New Colorado Initiative Seeks To Lower The Drinking Age To 18

RealClear Staff

            

     Of all the 50, free states in North America, Colorado is certainly the commander in terms of turning over a new leaf—no, not that kind... Two Rockies-state radicals burgeoned a ballot initiative to lower the legal, drinking age to 18. (...wonder how serious the state will take them upon taking note of the typo in the first, few lines?)

[Graphic: Daniel Essrow]

“If you can go serve in the military and get killed, why shouldn’t you be able to drink a beer?” 24-year-old-Denverite Cody Tamez said. Tamez may be a kid, but he owns his own moving company and is proudly listed as a proponent on the initiative. According to Tamez, they’re trying to make it part of the 2018 ballot.

“Eighteen in ’18”—anyone, anyone? Even better—“Kinderbier Next Year”? How about it?

In a phone interview, Tamez added the US is far behind in terms of beer consumption. Out of the 190 countries, the USA is one of 12 to mandate an MLDA (minimum, legal, drinking age) of 21. Additionally, he explained the countries with lower MLDAs have fewer issues than America in terms of teenage drinking. Tamez’s two years in Germany availed his evidence.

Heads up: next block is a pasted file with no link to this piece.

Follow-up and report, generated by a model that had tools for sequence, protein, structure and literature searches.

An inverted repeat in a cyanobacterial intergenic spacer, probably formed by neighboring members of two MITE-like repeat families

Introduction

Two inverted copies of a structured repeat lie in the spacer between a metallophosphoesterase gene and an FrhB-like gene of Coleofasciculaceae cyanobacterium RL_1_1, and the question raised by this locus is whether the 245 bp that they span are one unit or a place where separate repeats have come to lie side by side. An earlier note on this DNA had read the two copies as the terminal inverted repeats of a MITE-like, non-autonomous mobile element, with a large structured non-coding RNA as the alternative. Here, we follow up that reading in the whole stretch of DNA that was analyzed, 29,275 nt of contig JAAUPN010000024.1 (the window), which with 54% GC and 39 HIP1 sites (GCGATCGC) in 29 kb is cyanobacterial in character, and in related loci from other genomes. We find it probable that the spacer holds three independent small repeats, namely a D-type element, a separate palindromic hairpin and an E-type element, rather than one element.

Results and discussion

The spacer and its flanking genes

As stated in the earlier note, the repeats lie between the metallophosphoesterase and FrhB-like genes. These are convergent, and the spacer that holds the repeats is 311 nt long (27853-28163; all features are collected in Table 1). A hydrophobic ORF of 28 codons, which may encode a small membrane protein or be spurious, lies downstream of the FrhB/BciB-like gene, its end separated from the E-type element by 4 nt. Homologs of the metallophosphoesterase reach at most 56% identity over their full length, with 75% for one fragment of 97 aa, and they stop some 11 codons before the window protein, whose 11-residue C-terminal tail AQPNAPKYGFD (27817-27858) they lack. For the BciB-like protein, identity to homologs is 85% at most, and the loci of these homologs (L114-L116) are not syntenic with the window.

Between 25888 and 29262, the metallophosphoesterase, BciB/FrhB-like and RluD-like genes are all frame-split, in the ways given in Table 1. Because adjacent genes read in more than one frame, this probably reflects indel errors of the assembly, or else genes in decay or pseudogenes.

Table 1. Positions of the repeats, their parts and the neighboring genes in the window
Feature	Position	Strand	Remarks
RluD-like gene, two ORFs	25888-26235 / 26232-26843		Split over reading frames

Oddly, until the mid-’80s, 18 was the legal age for ingesting alcohol in the Centennia State. It wasn’t until 1984 that the federal government landed a law linking highway funds to an MLDA of 21. Once that nail cut into the coffin, it was almost impossible for any state to contest the alcohol-consumption clause.

[President Ronald Reagan signing the drinking-age law | Source: MADD.org]

Tamez believes the benefits of this amendment to be huge. Since seven states have revised and legalized recreational-marijuana laws, to feel the effects..., tourists might turn toward other states. This proposal could promote popularity... “If more 18, 19 and 20-year-olds came here for drinking vacations, Colorado businesses might make bank,” he added.

But don’t bet on this effort appearing in the ballot. It’s anything but easy to enact an initiative in Colorado—and the hoop’s flames are being fanned. When it comes to non-affluent activists, like Tamez and teammate James Leamon, their effort(s) may as well be a bust.

However, they continue their cause for Colorado to make another mark in (mash) history.

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